Thursday, February 18, 2016

Shovel Here and Shovel There

I've been trying to take advantage of the cool, cloudy day with a gentle wind by getting a lot of physical labor done around the ranch before we get back up into the 80 degree mark again.  We already hit 90 degrees yesterday and it is only the middle of February.  Most people are seeing white and shivering this time of year.

I essentially have three piles of stuff I have to move.  I have to move the manure pile into the trailer to take to the dump.  I have to move the D.G. pile into the barn and spread around.  I also have to move the sand pile into the low spots in the arena and spread it around.  It sounds simple enough, but there always has to be complications.

P.S. occasionally gives me a day off from shoveling manure by coming by and doing a load for me.  She had some time to also help move some D.G. into the barn afterward.  When she left, I took my shower, got dressed, started a load of laundry, and went back down the barn to move some more D.G.  Somehow in those measly 45 minutes that I was away from the barn, the horses managed to manufacture another eight piles of manure!

I'm trying to conserve my energy so that I don't overdo it and injure myself, because it will take weeks, possibly months to get all these piles moved, and I can't do it if I'm crippled.  I figured that by the time I was done moving those eight fresh piles of manure out of the way, I'd be too sore or tired to start moving the D.G.  So, I chose to move old manure into the trailer.  I got half the trailer filled before I hit wet manure that was impossible to break through.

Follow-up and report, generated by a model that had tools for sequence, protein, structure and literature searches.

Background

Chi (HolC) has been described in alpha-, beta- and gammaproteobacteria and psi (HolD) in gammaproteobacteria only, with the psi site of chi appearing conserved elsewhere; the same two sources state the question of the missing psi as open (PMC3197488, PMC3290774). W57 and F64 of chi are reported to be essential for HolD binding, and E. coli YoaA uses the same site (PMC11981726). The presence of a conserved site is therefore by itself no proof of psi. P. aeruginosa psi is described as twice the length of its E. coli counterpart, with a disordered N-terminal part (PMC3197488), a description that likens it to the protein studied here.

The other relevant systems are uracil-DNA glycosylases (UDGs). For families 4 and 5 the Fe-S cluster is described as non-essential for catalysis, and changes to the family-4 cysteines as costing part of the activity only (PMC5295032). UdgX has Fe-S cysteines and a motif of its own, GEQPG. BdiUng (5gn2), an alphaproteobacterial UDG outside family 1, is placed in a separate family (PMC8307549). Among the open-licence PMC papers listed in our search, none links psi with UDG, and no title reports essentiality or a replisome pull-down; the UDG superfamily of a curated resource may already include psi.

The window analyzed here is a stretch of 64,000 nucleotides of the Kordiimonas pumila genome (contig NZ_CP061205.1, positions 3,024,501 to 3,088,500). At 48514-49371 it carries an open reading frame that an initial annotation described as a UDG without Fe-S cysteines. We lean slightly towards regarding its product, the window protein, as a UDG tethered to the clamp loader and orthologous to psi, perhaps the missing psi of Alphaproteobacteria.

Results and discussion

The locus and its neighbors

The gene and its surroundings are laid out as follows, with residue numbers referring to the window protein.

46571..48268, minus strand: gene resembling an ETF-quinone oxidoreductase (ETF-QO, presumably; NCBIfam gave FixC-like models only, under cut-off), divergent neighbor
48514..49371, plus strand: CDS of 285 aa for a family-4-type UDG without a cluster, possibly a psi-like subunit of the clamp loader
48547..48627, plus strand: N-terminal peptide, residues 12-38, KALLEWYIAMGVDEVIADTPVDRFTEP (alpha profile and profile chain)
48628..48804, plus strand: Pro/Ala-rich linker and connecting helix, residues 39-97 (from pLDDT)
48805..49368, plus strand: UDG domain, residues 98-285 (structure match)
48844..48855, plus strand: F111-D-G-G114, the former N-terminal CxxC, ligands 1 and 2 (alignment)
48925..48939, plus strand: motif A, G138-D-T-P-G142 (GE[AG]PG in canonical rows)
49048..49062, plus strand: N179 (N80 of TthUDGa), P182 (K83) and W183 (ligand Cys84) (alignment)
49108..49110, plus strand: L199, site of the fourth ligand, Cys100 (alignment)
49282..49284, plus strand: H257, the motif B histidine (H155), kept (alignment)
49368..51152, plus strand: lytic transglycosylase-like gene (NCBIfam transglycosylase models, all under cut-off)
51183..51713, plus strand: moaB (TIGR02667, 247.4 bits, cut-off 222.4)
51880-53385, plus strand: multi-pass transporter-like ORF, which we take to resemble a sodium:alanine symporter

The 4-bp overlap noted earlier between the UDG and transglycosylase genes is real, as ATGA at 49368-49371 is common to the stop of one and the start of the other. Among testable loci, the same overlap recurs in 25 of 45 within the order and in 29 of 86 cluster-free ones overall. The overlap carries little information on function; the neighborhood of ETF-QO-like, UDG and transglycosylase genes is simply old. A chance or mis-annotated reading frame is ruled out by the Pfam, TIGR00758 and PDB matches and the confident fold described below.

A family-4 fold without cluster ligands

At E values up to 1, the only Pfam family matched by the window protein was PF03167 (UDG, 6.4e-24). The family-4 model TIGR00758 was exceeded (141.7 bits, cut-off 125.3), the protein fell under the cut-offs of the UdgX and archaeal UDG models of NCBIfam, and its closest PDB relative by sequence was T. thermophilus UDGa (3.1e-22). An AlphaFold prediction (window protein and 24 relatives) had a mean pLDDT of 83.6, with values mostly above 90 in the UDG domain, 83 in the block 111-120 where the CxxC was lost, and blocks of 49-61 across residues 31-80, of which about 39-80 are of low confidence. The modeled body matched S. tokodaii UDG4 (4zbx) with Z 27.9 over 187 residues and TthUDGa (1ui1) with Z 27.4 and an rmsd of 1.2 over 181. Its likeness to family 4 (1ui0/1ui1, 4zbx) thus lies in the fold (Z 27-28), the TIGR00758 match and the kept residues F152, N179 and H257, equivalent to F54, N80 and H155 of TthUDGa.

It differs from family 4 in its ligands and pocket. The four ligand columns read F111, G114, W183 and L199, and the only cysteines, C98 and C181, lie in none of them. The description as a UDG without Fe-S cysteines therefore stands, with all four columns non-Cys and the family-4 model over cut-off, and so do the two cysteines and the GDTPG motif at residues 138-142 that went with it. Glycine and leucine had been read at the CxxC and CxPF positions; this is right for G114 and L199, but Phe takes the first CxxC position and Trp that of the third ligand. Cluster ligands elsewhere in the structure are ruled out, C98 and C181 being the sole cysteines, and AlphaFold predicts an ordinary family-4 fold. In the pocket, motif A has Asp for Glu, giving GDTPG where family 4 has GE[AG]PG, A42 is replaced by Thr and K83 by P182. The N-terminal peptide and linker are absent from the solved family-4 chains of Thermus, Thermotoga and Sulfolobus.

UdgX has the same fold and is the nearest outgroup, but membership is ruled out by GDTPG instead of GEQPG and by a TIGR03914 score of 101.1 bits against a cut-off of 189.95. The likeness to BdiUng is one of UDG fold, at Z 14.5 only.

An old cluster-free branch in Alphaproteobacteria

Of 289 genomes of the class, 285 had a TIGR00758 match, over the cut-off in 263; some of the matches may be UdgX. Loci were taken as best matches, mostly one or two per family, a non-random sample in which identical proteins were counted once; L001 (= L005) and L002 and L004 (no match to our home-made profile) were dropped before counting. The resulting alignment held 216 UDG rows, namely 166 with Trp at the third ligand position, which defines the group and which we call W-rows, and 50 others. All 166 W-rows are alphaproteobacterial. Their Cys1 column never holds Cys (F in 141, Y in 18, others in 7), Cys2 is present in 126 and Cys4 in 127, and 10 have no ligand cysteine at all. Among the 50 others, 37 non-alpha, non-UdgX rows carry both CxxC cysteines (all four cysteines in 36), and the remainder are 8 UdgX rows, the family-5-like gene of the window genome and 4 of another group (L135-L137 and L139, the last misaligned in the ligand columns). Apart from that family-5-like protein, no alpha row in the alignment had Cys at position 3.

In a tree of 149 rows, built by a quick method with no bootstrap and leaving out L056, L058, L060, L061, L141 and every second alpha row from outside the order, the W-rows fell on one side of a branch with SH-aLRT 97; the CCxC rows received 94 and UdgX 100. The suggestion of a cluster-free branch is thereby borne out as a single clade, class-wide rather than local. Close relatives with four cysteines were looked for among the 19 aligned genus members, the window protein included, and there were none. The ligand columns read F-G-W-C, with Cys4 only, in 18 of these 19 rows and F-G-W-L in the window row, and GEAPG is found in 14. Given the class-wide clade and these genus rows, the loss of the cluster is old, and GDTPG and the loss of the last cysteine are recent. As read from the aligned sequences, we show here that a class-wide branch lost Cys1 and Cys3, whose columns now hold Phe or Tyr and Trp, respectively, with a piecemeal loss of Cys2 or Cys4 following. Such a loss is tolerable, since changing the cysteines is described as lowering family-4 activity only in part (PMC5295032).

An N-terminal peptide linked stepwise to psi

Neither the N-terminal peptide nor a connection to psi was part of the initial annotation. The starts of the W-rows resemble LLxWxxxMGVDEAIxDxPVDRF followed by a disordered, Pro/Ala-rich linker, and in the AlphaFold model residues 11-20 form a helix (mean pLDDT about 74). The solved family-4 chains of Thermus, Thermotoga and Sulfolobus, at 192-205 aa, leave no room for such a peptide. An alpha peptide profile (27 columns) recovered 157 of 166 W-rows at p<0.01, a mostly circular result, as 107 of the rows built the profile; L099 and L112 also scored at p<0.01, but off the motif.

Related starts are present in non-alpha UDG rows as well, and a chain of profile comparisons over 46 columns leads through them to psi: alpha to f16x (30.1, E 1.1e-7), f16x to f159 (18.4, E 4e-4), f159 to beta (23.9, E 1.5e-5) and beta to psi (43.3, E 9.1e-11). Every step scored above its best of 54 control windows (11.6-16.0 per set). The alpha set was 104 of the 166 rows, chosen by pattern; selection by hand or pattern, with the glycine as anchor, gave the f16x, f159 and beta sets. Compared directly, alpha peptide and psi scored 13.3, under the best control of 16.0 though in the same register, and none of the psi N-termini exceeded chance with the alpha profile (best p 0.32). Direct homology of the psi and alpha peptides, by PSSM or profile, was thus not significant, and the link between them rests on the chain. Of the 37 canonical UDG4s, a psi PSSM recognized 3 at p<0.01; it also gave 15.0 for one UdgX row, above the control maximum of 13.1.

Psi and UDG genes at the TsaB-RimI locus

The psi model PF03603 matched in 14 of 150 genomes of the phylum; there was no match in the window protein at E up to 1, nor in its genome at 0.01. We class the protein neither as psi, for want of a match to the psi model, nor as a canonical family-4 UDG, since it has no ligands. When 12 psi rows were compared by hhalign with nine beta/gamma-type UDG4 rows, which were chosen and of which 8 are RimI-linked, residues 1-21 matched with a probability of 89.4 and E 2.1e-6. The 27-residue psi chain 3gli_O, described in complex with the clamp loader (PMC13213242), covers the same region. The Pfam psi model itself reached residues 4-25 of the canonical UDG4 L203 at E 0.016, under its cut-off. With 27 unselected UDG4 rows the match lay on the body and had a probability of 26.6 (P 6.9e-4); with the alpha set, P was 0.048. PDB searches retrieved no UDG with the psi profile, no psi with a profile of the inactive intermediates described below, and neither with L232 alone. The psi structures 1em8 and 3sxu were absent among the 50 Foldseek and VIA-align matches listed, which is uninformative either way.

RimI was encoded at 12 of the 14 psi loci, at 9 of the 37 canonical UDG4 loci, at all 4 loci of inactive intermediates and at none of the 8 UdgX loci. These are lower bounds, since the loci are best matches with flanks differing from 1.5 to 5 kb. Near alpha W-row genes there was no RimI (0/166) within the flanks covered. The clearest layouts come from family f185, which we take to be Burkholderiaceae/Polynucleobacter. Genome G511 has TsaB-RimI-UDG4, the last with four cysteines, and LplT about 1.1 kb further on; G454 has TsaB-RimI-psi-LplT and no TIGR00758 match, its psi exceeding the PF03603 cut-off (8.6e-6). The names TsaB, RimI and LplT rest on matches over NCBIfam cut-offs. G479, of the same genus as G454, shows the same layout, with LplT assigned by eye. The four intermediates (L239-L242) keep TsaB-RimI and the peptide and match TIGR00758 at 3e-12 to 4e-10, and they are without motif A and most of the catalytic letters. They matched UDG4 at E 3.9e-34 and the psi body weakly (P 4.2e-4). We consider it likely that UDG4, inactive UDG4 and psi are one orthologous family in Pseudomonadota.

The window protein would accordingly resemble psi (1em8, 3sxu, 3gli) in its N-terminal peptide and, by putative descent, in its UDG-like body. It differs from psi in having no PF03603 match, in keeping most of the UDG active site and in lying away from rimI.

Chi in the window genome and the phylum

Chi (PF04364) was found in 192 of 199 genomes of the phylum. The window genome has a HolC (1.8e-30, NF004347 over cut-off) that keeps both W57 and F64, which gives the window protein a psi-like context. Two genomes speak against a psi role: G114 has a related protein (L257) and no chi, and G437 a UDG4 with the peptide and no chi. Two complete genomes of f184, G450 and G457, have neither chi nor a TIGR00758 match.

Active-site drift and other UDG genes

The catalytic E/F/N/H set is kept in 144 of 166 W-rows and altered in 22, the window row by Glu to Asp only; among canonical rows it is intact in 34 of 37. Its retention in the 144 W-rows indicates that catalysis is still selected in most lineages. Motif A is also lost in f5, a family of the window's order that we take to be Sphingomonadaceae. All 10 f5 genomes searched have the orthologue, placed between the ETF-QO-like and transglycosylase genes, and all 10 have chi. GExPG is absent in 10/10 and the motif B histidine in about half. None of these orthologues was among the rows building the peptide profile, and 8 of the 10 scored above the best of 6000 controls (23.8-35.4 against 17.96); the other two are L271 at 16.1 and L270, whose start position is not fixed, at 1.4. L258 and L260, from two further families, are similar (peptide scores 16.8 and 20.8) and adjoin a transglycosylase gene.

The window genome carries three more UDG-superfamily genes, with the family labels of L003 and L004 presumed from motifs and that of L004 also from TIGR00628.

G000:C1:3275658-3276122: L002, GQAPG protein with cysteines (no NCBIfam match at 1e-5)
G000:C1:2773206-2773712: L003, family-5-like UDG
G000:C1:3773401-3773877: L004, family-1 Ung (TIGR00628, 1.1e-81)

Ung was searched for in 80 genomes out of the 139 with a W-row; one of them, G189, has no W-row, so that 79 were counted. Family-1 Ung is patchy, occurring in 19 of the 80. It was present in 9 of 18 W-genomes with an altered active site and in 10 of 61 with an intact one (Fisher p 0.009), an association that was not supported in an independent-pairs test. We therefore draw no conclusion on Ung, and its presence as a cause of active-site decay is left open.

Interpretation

So, I gave up and cleaned up the now twelve piles of fresh manure out of the barn and arena.  I started moving D.G. into a stall, and before I could bring another wagon load in, some horse had pooped right where I needed to dump my wagon.  Argh!

I didn't want to have to pick up that one pile and move it all the way to the back of the property, so I just tossed it out of the stall into the arena just to get it out of my way.  I dumped the D.G., went back for some more, and returned to find another pile of manure right where I needed to dump the D.G.  Then, as if to add insult to injury, a horse walked into the stall and peed a large puddle in the center of it.  I was already dragging a wagon around with a flat tire, and now I had to drag it through wet D.G.

Of course, I could lock the horses out of the stall by closing the gate, but opening and closing it behind me every time I had to dump the wagon would be a pain.  The wind was blowing the gates around if I didn't have them secured, so I would have had to make use of the latches.  I decided to just stop dumping in that stall and move to another one, but the horses followed me and started leaving presents there.

I would swear that they laugh every time they hear me say, "Are you kidding me?  Somebody pooped AGAIN???"